Copied below is the Hungary Section from Volume Two of
"Freemasonry Universal - A new Guide to the Masonic
World", published January 2000. Full details http://www.netlink.com.au/~kent/
Regards to all,
Kent Henderson, PGSwdB
Global Masonic Publications: http://www.netlink.com.au/~kent/
European Concept Lodges Home Pages: http://central.austasia.net/masonic/
Aust. & NZ Masonic Research Council: http://www.freeyellow.com/members6/anzmrc/
The Symbolic Grand Lodge of Hungary
(Magyarorsz=E1gi Szimb=F3likus Nagyp=E1holy)
Founded: 1989. Descent: Germany, Austria.
Address: Masonic Centre, L=F6v=F6lde t=E9r 2, H - 1071 Budapest.
Postal Address: P. O. Box 395, H - 1446 Budapest, Hungary.
Telephone & FAX: (36 1) 322 7339.
Lodges: 7. Membership: 170.
As part of the Austro-Hungarian Empire, the history of Freemasonry in
this area parallels that of all Central Europe. The first Hungarian
Lodge is claimed for Brasso, Transylvania, in 1749, although little is
known of it. There were certainly military-type lodges working in
Hungary by the 1770's, notably to the twin cities of Buda and Pest, and
a lodge is documented in Pozsony in 1775. Hungarian lodges were united
with those of Austria in 1781 under a Provincial Grand Lodge, which
functioned until 1786. The Hungarian Emperor started to suppress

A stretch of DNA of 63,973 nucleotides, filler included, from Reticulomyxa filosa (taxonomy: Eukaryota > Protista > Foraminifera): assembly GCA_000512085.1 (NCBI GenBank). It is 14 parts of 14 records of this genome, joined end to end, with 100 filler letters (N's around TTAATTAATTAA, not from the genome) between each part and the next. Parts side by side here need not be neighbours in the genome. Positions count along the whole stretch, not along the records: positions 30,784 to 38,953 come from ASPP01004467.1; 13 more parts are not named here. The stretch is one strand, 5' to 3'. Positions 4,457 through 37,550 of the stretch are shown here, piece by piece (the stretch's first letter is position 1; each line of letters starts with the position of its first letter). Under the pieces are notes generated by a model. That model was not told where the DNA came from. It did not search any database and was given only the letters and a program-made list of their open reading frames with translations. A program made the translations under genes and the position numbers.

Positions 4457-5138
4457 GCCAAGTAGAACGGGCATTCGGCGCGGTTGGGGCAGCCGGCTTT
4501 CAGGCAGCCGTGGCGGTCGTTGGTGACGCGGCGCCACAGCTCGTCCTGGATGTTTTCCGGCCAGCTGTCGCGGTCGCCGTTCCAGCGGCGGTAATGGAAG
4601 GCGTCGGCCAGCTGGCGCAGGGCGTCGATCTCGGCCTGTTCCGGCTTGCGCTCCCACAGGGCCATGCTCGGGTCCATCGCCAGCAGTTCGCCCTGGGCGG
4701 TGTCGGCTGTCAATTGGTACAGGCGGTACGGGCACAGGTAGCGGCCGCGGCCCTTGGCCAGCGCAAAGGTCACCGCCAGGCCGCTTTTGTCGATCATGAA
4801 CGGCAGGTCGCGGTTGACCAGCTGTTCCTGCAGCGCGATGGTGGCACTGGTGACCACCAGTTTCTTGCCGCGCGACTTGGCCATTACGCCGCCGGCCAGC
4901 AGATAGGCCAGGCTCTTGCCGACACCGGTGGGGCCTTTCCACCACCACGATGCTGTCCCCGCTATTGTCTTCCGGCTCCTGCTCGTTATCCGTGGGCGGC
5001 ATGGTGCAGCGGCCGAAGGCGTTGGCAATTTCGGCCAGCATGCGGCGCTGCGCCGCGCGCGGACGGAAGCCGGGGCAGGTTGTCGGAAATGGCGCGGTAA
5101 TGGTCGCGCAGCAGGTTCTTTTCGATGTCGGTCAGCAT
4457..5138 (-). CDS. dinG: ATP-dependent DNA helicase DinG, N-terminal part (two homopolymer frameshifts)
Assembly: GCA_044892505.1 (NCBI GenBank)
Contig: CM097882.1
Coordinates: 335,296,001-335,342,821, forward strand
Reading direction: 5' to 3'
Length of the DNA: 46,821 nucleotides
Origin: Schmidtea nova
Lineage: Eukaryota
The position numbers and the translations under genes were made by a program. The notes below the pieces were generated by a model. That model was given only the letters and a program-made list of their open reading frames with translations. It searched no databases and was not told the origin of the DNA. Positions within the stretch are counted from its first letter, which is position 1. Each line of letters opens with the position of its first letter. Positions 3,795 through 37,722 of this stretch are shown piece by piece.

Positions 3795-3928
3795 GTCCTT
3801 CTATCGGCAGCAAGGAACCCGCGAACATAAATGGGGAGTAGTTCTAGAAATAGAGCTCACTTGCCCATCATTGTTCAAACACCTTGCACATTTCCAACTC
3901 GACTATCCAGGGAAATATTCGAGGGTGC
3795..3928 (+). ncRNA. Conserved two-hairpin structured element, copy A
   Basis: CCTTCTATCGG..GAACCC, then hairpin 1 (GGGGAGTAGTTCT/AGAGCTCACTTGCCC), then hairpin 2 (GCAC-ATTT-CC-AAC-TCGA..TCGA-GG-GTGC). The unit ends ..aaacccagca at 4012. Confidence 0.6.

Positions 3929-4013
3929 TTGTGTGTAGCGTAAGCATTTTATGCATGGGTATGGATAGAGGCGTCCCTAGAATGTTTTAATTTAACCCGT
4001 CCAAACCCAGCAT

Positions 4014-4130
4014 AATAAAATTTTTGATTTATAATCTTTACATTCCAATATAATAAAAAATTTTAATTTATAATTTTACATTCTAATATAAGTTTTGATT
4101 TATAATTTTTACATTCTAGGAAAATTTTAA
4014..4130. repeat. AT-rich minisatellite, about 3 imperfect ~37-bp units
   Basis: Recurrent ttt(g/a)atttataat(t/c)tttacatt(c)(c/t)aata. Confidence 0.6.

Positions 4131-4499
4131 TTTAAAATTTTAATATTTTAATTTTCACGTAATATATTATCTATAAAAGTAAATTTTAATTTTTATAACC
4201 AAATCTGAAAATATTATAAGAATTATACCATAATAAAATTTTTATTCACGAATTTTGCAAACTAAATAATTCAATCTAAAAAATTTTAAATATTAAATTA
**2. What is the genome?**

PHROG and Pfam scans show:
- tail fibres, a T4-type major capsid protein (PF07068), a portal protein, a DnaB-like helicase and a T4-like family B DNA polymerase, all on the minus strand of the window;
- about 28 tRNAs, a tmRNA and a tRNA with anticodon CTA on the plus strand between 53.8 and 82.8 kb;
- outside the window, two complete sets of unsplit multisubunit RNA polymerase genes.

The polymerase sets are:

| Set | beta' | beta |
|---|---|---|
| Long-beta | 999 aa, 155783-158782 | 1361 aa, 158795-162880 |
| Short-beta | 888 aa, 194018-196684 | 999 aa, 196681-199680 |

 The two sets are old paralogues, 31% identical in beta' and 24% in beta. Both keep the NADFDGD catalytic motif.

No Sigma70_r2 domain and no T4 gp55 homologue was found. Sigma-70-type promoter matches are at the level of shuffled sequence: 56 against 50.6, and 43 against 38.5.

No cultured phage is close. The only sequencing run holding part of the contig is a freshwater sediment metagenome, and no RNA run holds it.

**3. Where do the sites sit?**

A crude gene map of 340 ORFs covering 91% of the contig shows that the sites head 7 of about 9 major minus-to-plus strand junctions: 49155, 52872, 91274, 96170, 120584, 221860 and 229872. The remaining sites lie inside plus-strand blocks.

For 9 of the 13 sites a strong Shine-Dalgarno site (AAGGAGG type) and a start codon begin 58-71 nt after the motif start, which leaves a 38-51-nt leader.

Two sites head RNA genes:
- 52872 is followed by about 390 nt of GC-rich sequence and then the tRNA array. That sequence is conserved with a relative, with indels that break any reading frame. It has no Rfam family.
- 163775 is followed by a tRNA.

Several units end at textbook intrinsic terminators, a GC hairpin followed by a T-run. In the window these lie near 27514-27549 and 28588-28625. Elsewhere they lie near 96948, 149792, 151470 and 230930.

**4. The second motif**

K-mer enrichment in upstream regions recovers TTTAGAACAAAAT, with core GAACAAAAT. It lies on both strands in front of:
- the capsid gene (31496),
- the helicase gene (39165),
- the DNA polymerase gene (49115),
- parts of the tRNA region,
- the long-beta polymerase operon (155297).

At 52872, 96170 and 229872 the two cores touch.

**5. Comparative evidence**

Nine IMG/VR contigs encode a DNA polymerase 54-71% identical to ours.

Masonry about 1780, and in 1795 lodges were dissolved by Imperial Edict.
Hungary became a separate kingdom in 1867, enabling Freemasonry to
re-establish. Seven lodges were erected under the Grand Lodge Zur Sonne
of Bayreuth, Germany, and in 1870 they formed a National Grand Lodge
(often called The Grand Lodge of St. John). A Grand Orient was erected
separately in 1872 by several lodges chartered by the Grand Orient of
France. These two bodies united in March 1886 to create The Symbolic
Grand Lodge of Hungary, then comprising twenty-six lodges.
By the First World War, the Grand Lodge possessed thirty-two lodges
in Budapest and fifty-one in wider Hungary, with over 7000 members. The
Grand Lodge was widely recognized as regular throughout the Masonic
world. Sadly, the Grand Lodge was dissolved by decree in 1920, and by
the end of the Second World War there were only about 300 Masons left in
the country. The Grand Lodge was revived in 1946, and made very rapid
progress, and by 1950 membership had recovered to 1500, although the
communist takeover in 1948 saw a large increase in Masonic emigration.
On 12 June 1950, the secret police occupied and confiscated the Grand
Lodge building in Budapest, and the Grand Lodge was forcibly dissolved.
Thereafter, a Masonic Aid Fund for Hungary was set up under the
sponsorship of the Austrian and German Grand lodges, which cared for
Masons in Hungary. Hungarian Masonic refugees set up lodges in Canada,
Argentina, Brazil, France, and Austria.
The perestroika of the mid-1980s enabled Hungarian Masons to travel
again, and more importantly; it enabled younger Hungarian to join
Freemasonry overseas, thus adding considerable strength to Masonic
membership in the country. Upon the legalization of Freemasonry in